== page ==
Spain’s vaccine have-nots: the 70-year-olds squeezed between younger and older target groups
Despite their risk of developing a severe or fatal form of Covid-19, people born between 1942 and 1956 may have to wait until mid-April or even later before receiving their first Covid-19 shots
In Spain, members of one specific age group have been watching people both younger and older than themselves get vaccinated against Covid-19, while they are told to wait.
They are the people born between 1942 and 1956, and who are now in their late sixties and seventies. Even though they represent one of the biggest risk groups in terms of developing a severe or even fatal case of Covid-19, there is a good chance that they will not be getting their shots before mid-April at the earliest.
Of all the fatalities since June 2020, 64.5% were 80 and older, while 20% were between 70 and 79
The government’s guidelines are prioritizing the 80-and-over population, and health officials have now also authorized Oxford-AstraZeneca’s vaccine for adults under the age of 65.
There is a chance that this age limit will be expanded at a Tuesday meeting of the Public Health Committee that’s advising the government on coronavirus matters. If not, 6.5 million people between the ages of 65 and 79 will have to keep waiting.
Spain’s chief epidemiologist, Fernando Simón, director of the Health Emergency and Alert Coordination Center, on Monday said that the AstraZeneca vaccine is being used on increasingly larger segments of the population, as new evidence emerges. “The fact there is a debate about it at the [...] Public Health Committee shows that it is not an easy or a clear decision to make. A lot of variables have to be taken into account.”
If the Public Health Committee keeps the 65 age limit in place, most of the people over the age of 80 will have to be vaccinated before the 70-to-79 age group starts getting calls for appointments. And those between 65 and 69 years of age will have to wait even longer, until most of the three million individuals in the 70-to-79 group have been inoculated.
Expanding the target group
The AstraZeneca vaccine was originally authorized for the under-65s across Europe because of a lack of scientific evidence of its effectiveness on older adults. But new data has emerged since early March, and many countries have now eliminated that age limit, including Germany, France, Italy, Portugal, Greece and Austria. The United Kingdom never set an upper age limit, and neither did the European Medicines Agency (EMA) or the World Health Organization (WHO).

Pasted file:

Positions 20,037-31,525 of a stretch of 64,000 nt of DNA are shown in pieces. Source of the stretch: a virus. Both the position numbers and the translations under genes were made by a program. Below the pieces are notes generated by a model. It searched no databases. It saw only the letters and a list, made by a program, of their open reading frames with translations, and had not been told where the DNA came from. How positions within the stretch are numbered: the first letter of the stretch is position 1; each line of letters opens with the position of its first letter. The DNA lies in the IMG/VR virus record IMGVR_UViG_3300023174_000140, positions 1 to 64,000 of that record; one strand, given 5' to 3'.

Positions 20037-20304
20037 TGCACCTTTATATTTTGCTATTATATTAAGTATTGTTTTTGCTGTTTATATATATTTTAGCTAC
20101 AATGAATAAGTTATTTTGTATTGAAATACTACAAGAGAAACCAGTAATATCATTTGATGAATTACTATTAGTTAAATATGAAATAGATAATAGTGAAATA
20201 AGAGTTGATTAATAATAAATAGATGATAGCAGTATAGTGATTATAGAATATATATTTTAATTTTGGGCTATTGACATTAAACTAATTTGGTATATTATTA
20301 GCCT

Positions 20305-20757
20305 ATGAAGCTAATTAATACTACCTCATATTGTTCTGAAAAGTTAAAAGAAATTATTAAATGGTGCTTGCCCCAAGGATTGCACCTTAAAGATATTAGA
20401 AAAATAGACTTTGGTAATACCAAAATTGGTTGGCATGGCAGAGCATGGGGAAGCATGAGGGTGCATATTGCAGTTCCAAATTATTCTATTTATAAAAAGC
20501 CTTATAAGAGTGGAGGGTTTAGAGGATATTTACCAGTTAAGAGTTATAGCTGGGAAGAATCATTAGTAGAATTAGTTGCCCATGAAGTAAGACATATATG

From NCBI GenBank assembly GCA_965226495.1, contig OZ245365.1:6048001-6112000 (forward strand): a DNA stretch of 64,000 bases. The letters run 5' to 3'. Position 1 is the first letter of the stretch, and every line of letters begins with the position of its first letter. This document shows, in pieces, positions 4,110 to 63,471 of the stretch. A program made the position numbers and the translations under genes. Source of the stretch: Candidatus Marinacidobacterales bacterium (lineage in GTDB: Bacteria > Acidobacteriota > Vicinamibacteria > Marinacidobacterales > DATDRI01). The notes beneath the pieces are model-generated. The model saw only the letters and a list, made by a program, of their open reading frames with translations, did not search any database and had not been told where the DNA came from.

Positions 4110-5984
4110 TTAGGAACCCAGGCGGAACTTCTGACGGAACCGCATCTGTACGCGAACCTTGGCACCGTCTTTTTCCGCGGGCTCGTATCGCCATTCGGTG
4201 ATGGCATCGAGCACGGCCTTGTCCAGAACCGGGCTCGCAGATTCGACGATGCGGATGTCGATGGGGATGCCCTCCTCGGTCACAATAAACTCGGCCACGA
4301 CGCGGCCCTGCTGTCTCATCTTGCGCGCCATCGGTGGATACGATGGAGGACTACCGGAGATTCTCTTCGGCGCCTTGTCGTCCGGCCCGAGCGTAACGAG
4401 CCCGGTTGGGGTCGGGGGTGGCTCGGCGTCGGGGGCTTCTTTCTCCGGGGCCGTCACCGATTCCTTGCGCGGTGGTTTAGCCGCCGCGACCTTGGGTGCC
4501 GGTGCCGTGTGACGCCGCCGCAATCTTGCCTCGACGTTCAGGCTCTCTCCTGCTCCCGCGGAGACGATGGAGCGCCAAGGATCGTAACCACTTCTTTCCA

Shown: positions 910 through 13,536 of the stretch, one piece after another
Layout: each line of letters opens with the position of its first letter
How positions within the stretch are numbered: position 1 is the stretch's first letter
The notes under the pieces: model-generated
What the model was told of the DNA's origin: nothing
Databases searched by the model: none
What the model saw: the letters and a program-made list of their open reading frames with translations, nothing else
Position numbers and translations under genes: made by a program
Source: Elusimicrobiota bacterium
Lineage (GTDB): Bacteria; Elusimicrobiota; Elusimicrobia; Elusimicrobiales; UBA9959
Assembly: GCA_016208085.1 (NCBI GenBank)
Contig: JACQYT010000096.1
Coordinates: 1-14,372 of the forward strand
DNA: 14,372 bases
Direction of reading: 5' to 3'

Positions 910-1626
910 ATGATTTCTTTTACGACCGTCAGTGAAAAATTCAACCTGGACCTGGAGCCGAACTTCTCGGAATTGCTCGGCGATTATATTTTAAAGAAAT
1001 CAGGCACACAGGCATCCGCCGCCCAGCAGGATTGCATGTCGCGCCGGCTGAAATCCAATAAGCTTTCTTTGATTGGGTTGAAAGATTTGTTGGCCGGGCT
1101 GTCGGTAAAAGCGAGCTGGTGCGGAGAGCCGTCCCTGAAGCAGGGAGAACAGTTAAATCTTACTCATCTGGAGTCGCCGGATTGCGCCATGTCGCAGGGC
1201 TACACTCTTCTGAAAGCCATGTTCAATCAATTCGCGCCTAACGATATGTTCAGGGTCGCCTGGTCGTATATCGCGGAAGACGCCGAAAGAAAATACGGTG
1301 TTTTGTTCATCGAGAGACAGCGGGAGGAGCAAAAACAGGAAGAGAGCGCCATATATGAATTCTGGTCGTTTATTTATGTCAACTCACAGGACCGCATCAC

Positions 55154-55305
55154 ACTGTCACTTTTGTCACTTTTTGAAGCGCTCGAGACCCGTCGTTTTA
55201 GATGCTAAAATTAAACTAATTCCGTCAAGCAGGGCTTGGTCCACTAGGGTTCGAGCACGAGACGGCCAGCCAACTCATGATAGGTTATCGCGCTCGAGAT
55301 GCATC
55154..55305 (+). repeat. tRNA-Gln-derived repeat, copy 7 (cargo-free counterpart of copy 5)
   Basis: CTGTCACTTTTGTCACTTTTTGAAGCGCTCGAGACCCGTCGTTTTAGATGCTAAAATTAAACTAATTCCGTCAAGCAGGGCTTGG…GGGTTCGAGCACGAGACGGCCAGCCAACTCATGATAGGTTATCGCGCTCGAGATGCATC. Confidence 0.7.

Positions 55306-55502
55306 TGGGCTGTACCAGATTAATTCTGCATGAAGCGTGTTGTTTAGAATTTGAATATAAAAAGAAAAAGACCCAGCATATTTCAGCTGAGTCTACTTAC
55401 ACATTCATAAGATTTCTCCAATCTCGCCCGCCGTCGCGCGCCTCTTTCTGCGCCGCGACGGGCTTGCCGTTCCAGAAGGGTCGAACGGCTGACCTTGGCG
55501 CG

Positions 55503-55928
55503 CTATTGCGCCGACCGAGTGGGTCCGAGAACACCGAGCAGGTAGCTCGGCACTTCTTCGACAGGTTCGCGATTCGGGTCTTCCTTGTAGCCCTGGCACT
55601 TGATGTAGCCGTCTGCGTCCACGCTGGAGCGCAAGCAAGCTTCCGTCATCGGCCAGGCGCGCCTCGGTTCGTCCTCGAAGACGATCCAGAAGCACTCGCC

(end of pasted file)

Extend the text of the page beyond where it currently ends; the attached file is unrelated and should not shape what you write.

Spain had originally set a conservative upper age limit of 55, but recently raised it to 65. Health Minister Carolina Darias justified this decision by saying that the AstraZeneca vaccine had only been tested on younger people, and that’s why Spain was planning to use it on essential workers up to 65 years of age. But new data on the drug’s effectiveness has since emerged, and on Wednesday of last week, Spain began administering it to the general population, not just essential workers.
Ángela Domínguez, the coordinator of the vaccination working group at the Spanish Epidemiology Society, believes that it makes no sense to keep limits in place with the new available evidence. “We’ve seen very high effectiveness, and even if it went down, it would still be better to administer the vaccine to older people than not to,” she says.
Statistics show that age is the main determining factor in risk of death from Covid-19. Of all the fatalities since June 2020, 64.5% were 80 and older, while 20% were between 70 and 79. The percentages keep falling in line with age: 9.2% of deaths were among the 60-to-69 age group, and 3.5% among the 50-to-59 group. Only 1.4% of people who died of Covid-19 were under the age of 50, according to figures provided by the Carlos III Health Institute.
Use of the AstraZeneca vaccine was further hampered by a temporary pause caused by a health scare, after several EU countries reported cases of blood clots among a few recipients. After the EMA defended the use of the vaccine, administration resumed in Spain last week.
Different region, different pace
The pace of vaccination is very different depending on the region. Andalusia is going very fast and recently announced it might get started with people in their seventies by mid-April. Catalonia is lagging behind and does not expect to begin inoculating this target group until a month later.
The month of March is coming to an end, and Spain has not managed to vaccinate 80% of the 80-and-over group as it had been planning to. But the Health Ministry does not provide official figures, and not all regional governments do, either, so it is hard to determine exactly how much progress has been made. Based on conversations with regional health departments, around 60% of older adults may have already received their shots.
A survey on the vaccine rollout published by the European Centre for Disease Prevention and Control showed that one of the challenges in Spain was the lack of homogenous progress across the regions.
English version by Susana Urra.